Voice dictation features have been improved in the April 2018 Update (the existing options were pretty ropey to be honest). You can now dictate words and phrases in just about any Windows 10 text box by hitting Windows+H. It also works in apps like Microsoft Word.
You can also hit the microphone button inside the taskbar search box or on the touch keyboard as well, if you need to launch dictation. More settings are available if you click Ease of Access in Windows Settings then Speech. The feature is only currently available in US English for now.
A bunch of improvements have been added to Microsoft Edge, though they might not be enough to tempt you away from your current browser. Tabs can now be muted, at last, by clicking on the audio icon on the tab itself.
Books, PDFs, and pages being displayed in Reading View can now be made full-screen for a less distracting viewing experience, and Microsoft has also added more form-logging options, so your addresses and other data get saved in the browser to save you typing them out over and over again.
There’s a new Grammar Tools button too, up in the toolbar, that marks up your text with some useful notes and pointers (it only works for certain types of documents though, apparently). Finally, a “clutter-free” option has been added to the print settings, so you can save some ink by printing out versions of webpages that cut out unnecessary elements.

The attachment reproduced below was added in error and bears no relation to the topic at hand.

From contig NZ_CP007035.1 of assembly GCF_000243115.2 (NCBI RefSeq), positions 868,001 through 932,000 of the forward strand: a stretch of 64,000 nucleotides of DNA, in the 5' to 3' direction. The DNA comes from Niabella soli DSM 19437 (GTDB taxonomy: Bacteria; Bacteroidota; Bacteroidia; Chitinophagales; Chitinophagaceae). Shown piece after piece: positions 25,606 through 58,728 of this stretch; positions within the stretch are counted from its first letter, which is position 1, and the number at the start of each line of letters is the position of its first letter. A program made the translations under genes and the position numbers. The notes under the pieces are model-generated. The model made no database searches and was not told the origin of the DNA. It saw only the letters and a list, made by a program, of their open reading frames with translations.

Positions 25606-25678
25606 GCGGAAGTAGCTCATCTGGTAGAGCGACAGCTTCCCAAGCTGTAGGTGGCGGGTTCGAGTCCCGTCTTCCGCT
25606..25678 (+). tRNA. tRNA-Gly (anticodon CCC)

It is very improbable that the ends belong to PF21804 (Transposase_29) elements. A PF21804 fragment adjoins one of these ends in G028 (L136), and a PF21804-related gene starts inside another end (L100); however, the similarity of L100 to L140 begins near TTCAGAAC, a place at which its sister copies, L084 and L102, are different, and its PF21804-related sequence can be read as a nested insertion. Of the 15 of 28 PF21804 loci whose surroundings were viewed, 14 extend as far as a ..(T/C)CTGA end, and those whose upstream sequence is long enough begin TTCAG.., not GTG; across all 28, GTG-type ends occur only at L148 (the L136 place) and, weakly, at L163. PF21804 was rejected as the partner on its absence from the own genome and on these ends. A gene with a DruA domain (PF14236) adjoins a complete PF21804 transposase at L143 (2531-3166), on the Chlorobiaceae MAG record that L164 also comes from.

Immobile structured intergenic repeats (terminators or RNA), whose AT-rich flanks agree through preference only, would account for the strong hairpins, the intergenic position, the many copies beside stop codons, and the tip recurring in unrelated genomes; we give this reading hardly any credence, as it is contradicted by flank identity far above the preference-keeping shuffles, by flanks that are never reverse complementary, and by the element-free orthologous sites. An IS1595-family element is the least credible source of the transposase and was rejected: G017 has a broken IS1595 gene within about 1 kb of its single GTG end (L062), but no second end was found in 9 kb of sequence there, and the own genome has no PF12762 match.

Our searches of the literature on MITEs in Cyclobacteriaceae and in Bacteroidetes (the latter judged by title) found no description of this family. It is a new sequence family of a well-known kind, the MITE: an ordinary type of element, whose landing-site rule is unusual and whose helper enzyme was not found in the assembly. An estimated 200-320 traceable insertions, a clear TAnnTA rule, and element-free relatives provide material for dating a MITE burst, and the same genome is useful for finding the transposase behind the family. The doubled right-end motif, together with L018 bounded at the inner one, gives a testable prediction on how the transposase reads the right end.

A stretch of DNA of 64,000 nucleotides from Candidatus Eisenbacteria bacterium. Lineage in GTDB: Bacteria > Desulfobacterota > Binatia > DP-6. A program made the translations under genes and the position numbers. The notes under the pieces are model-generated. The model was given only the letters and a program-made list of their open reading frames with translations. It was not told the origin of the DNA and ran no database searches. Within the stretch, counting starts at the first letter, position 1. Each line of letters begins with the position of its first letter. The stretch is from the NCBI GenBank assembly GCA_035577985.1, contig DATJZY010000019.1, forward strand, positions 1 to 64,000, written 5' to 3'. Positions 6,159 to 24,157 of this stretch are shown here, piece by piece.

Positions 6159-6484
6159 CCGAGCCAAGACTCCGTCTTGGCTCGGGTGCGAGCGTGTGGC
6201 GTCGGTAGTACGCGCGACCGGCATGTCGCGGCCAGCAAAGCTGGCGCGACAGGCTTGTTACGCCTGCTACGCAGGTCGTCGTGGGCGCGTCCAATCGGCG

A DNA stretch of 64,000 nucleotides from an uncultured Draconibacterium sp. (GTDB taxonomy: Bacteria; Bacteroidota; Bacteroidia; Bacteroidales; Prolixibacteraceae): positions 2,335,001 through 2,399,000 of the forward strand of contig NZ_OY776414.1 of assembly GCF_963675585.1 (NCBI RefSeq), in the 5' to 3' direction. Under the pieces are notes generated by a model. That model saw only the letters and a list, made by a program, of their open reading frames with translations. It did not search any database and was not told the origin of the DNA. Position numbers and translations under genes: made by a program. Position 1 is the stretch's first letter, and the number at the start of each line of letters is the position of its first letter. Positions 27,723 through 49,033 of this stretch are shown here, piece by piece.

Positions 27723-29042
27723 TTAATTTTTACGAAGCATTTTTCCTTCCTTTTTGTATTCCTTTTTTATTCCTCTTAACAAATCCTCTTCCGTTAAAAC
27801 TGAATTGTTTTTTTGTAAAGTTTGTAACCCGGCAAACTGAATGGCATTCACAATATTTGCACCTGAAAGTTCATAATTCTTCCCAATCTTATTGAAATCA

Windows 10 now has something along the lines of AirDrop built into it, letting you wirelessly share webpages, documents, files, and pretty much anything else more easily with other devices also running Windows 10. It’s called, imaginatively, Nearby Share.
Click the Share button in any compatible app, such as Edge, and you’ll first be invited to activate Nearby Share. If you later decide that you don’t want to use it, there’s a toggle switch in the Action Center pane.
With that done, Windows 10 scans for and displays compatible devices, using a combination of Bluetooth and wifi, so you’ll need those features switched on. It works with any updated Windows 10 device and isn’t tied to your Microsoft account.
As you would expect, the April 2018 Update comes with a plethora of more minor updates that you’ll discover as you make your way around the new OS. For example, you can now get at an app’s settings by right-clicking on its tile on the Start menu.
Windows Update notifications have been made more prominent, so you’ll have a better idea of when patches are coming down the pipe, and more of the old Control Panel settings have made their way into the new-look Windows Settings. Alongside that there’s the usual raft of security improvements that you probably won’t notice but which should help you avoid threats in the future.
Plenty of visual flourishes have been added too, to make the OS just a bit more pleasant to use. Overall, the April 2018 Update might not transform the way you use Windows, but features like Timeline and Focus Assist should prove useful for users on tablets, 2-in-1s, and more traditional computers.